Mike Schickerowski went through a long journey to get his driver’s licence.
The 44-year-old man who lives in Benalto, which is west of Sylvan Lake, Alta., was born with nystagmus and had been legally blind for most of his life.
“By 11 months old, my mother had identified the problem,” said Schickerowski.
“The doctors said that it would be very difficult going forward in my life. They said I would never attend public school. I would never play sports. I would never work in the workforce, and I would never drive a car.”
Nystagmus is a vision disorder in which the eyes make repetitive, uncontrolled movements.
Schickerowski proved the doctors wrong on many fronts throughout his life. He attended public school with the help of special accommodations, became a provincial wrestling champion, captained his high school football team, and has worked in the “computer field” most of his adult life.
But, one thing the doctors were right about was that he was unable to drive.
“It felt like something I was missing out on. My goals for driving changed over the years. When I was young, it was more about growing up – you sort of move from being a child to an adult and gain your independence,” said Schickerowski.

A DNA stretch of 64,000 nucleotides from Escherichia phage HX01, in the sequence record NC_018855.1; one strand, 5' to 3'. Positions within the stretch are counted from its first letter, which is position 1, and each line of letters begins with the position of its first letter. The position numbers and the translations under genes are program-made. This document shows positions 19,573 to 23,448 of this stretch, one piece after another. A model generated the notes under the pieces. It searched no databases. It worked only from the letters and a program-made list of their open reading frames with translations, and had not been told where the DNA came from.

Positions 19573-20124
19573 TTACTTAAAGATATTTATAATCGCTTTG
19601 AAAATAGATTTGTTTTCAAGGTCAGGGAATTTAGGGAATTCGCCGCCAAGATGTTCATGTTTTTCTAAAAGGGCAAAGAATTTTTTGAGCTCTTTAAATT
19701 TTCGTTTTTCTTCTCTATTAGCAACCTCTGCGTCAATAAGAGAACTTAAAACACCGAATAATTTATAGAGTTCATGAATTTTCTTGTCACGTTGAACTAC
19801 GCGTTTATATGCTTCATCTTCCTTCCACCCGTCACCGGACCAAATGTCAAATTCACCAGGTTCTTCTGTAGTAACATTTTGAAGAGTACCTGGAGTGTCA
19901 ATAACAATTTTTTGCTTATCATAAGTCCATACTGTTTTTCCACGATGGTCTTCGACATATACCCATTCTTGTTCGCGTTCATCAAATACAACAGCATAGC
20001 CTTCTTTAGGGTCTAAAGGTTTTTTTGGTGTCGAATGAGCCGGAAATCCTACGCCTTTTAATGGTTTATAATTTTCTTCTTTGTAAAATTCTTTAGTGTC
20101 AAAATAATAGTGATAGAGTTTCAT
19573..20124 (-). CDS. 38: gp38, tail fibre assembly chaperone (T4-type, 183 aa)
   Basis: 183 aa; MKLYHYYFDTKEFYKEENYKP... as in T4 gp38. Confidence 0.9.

“But at my age now, it’s felt more like I’ve been missing a connection with my family, my children specifically. I didn’t have the ability to take them to soccer practice or bring them out to get ice cream. All of that had fallen onto my wife’s shoulders.”
His children are 15, nine and seven.
Schickerowski signed up for experimental surgery in California to correct his vision in 2018. Shortly after the procedure, his eyes had settled “slightly out of place,” so he needed to return to California for a second operation.
After the successful surgeries, Schickerowski got his learner’s licence and was finally able get behind the wheel, as long as there was a supervisor in the vehicle.
“Driving’s scary at first. It was hard and I couldn’t believe how much you need to be aware of when driving,” he said.
“I was certainly a nervous wreck at first. But I pushed myself pretty hard – I drove … as frequently as possible. Every day, I pushed myself. It took about three or fours months to be completely comfortable.”
Schickerowski was set to do his road test to get his full licence in April, but COVID-19 delayed his plans. He was finally able to take his road test earlier this month and passed on the first try.
“I can take my kids fishing. I can take them to get ice cream. Even just to go out and pick up parts for something around the house or garage. I’m able to just do that on my own now when I need it, when I want to. It’s an absolutely incredible feeling.”
Schickerowski says is “it’s important for people to realize we shouldn’t give up on our dreams.”